Also a 2014 Rowe scholar, Tempo has been doing research at the Institute for Regenerative Engineering at UConn Health under the guidance of Professor Yusuf Khan. She represented UConn at the Universitas 21 Undergraduate Research Conference in Auckland, New Zealand in the summer of 2015, where she presented details of her tissue engineering project to researchers from around the globe. She has also devoted many hours to mentoring students at the Sport and Medical Sciences Academy and Bulkeley High School in Hartford.
“My closest mentee is a girl from Colombia who also wants to be an engineer,” Tempo says. “Like me, she started at the Greater Hartford Campus, and she’ll be transferring to Storrs next year as a sophomore. And the best thing is, she’s coming to my graduation in May.”
Tapeworms lead to teaching
López was pretty sure he was headed for medical school when he first arrived at UConn, but an opportunity to participate in the two-week introductory STEM research program as a McNair Fellow and then work in the lab of Board of Trustees Distinguished Professor of Ecology and Evolutionary Biology Janine Caira caused him to rethink that goal.
“Dr. Caira is an amazing person and she has guided me every step of the way, López says. “She’s an expert in the biology of tapeworms, and I was able to help in developing a global database of tapeworm species. Working in her lab really showed me how much I love research. She even let me name a new species, so now my little brother Jeremiah has a tapeworm named in his honor – Platybothrium jeremiahi!”
As part of Research Experience for Undergraduates (REU), a summer study-abroad program funded by the National Science Foundation, López spent 10 weeks in the rainforests of Costa Rica observing the behavior of the long-billed hermit hummingbird. After studying the bird’s vocalizations, his hypothesis is that the more intelligent a hummingbird is, the more likely it will produce song variations that distinguish it from other hummingbirds.
He has presented his findings at several different venues, including UConn’s Frontiers in Undergraduate Research poster exhibition, the GEN Consortium GRAD Lab at Tufts University, and an REU symposium at the La Selva Biological Station in Costa Rica. He is also in the process of writing articles on his research for publication.
But while he’s always been interested in science, and doing research is something he loves, when López became a Supplemental Instruction leader for introductory biology courses at the Academic Achievement Center, he made another discovery. “I’ve found that I absolutely love teaching,” he says, “and now that’s my goal. I want to get a Ph.D. in biology and one day become a professor.”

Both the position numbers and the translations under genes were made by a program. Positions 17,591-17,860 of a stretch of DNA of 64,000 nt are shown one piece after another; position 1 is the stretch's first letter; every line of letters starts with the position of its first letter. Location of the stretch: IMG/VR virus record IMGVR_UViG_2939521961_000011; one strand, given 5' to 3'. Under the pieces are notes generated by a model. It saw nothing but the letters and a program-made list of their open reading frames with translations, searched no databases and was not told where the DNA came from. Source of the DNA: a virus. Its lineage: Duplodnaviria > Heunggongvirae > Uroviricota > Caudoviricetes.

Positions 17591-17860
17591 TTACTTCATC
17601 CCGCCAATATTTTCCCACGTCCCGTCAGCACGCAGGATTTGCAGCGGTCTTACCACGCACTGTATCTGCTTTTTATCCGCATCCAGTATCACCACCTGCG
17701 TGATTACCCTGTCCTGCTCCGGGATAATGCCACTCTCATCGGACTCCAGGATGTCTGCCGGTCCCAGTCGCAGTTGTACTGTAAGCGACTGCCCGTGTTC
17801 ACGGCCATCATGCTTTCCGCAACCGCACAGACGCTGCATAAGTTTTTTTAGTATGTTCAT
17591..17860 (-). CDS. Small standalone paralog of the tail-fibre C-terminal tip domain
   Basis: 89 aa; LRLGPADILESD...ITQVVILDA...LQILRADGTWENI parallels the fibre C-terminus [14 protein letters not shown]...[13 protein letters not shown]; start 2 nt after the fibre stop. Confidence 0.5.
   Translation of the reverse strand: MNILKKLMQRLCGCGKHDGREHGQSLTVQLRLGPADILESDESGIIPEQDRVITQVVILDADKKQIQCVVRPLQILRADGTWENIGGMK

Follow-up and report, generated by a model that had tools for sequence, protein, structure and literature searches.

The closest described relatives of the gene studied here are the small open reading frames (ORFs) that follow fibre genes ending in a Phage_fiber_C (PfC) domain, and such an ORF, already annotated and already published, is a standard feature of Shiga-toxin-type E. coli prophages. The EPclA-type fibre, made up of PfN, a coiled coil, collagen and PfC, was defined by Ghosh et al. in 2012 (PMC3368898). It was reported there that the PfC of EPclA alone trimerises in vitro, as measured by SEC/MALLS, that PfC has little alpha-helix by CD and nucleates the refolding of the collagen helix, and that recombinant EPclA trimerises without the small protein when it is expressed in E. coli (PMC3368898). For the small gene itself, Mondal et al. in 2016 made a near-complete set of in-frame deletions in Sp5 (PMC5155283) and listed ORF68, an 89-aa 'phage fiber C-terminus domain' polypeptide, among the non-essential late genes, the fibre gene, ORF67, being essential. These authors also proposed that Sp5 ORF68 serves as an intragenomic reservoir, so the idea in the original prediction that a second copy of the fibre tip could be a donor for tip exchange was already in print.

As a minority student, López says he understands what it’s like to feel marginalized. Particularly during his freshman and sophomore years, he sometimes felt out of sync with his fellow students. But with the help of the McNair Program, and as an LSAMP Scholar as well, he became increasingly comfortable with his surroundings. For the past two years he has been a Resident Assistant, and that helps drive him.
“Once I finish my Ph.D. program and begin teaching, wherever that may be, I want to emphasize relationships and connecting with students. I want to let others know that even though they may be a different color or speak a different language or come from a different culture, there’s a place for them — and plenty of people willing to help them achieve their goals.”
Once a McNair Scholar …
UConn, one of only 151 McNair programs in the country, was first awarded a five-year, $220,000 grant in October 2012. The first group of Scholars were rising sophomores and juniors when they were accepted in January 2013. Since then, three Scholars graduated in May 2014 and 12 in May 2015. This year, 14 students from the program will receive their diplomas.
Martinez says that an unusual aspect of the program is that participants are followed closely for 10 years after they finish their undergraduate degree, to make sure they remain on track to earn their Ph.D. degrees and receive the support they need to succeed.
“There’s an informal ‘McNair Network’ among all the schools that have the program,” she says, “and we’re always interested in our graduates. We say ‘Once a McNair Scholar, always a McNair Scholar’ – and we really mean it.